The relationship among the islands, the artists who live here, and the art they produce is one where each one feeds the others in a unique and vital ecosphere.
by Jack Penland
There is public art in New York City that came from artists with studios on the islands. There are books read all over the world that come from island writers. Galleries are filled with paintings and kitchens proudly using art that doubles as cookware and a certain brass pig that stands watch at Pike Place Market that came from an island artist.
Art students and art teachers from all over the world come to learn and to teach at island art schools. Artists and photographers dot the landscape. Is that a tripod or an easel? Does it matter?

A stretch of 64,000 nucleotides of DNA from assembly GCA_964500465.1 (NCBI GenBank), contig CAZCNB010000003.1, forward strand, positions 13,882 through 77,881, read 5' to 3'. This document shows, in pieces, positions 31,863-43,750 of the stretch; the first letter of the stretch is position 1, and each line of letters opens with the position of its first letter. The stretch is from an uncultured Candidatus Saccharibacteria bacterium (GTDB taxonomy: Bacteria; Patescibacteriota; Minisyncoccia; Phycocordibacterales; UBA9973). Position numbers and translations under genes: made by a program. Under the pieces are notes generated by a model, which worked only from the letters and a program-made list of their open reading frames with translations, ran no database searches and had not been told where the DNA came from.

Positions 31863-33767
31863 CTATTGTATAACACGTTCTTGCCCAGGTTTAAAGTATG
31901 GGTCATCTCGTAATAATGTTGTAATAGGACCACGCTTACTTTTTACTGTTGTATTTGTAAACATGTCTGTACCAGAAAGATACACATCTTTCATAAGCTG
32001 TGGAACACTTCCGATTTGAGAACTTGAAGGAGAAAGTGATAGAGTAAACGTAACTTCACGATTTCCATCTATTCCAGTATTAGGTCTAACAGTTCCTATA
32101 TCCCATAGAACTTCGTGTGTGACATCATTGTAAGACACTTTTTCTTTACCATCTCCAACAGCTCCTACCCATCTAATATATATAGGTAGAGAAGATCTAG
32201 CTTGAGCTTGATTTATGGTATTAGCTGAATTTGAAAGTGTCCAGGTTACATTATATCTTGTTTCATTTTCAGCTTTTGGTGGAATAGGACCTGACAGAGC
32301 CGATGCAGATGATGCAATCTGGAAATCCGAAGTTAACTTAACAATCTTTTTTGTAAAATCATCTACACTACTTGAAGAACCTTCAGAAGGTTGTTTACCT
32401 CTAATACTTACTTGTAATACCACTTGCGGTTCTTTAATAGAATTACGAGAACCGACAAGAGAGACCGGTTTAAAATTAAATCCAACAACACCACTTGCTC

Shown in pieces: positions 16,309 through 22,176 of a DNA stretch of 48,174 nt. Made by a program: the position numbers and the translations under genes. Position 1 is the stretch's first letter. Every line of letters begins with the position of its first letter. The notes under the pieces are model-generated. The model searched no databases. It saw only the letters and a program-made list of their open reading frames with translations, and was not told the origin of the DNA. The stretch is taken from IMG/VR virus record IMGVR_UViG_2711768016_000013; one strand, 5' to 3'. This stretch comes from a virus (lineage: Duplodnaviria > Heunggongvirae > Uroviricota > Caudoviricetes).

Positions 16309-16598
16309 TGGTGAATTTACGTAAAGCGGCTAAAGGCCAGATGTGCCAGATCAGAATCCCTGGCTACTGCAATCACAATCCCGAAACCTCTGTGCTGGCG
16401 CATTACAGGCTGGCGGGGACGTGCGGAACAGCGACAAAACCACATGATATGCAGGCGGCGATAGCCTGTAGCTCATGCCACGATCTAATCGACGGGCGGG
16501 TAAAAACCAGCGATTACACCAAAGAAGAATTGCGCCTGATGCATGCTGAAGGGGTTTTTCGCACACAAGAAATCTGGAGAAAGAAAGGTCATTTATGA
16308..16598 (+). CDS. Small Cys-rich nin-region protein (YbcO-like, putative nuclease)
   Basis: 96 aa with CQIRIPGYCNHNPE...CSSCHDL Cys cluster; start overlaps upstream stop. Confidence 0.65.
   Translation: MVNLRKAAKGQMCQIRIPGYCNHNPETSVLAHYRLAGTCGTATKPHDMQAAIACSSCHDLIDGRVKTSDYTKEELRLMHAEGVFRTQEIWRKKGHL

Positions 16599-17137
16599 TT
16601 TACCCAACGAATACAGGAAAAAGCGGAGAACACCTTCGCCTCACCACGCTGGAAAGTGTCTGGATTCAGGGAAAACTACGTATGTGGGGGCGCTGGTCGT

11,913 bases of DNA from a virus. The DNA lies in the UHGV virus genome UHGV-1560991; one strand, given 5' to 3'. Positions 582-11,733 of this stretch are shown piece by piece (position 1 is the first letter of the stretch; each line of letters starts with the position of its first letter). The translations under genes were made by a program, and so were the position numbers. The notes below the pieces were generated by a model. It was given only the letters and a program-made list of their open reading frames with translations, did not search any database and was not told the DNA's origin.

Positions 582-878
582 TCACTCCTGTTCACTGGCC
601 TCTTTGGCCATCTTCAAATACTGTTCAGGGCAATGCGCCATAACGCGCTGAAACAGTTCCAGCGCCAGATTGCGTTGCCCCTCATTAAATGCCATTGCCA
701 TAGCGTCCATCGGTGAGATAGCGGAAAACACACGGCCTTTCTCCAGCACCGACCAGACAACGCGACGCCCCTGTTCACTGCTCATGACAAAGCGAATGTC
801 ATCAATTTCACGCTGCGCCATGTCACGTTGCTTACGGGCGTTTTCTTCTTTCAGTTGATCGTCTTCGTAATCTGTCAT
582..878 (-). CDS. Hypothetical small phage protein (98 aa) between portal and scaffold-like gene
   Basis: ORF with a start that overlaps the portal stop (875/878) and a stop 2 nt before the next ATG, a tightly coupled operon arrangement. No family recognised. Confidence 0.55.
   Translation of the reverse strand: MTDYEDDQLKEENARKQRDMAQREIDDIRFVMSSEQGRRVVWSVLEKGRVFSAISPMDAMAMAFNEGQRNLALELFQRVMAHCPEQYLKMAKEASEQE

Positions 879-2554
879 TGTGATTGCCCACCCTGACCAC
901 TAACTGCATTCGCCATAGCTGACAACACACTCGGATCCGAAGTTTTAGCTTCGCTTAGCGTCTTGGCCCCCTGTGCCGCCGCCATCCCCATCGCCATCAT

Women writers, both the famous and those hoping to be, gather to these islands to share what is usually a craft borne in isolation.
Musicians, dancers, actors and technical people practice their tradecraft, expand their talents, and refine their style.
From small stages to big tents, from Shakespeare to stories precisely 100 words long, stories rise.
Furnaces and kilns glow, starting an ages-old reaction that turns sand into glass, glass that when cools, may have light to warm the senses or a room, but even unlit has light to warm the senses.
Teachers challenge, and students challenge, art grows, and the islands are better for it.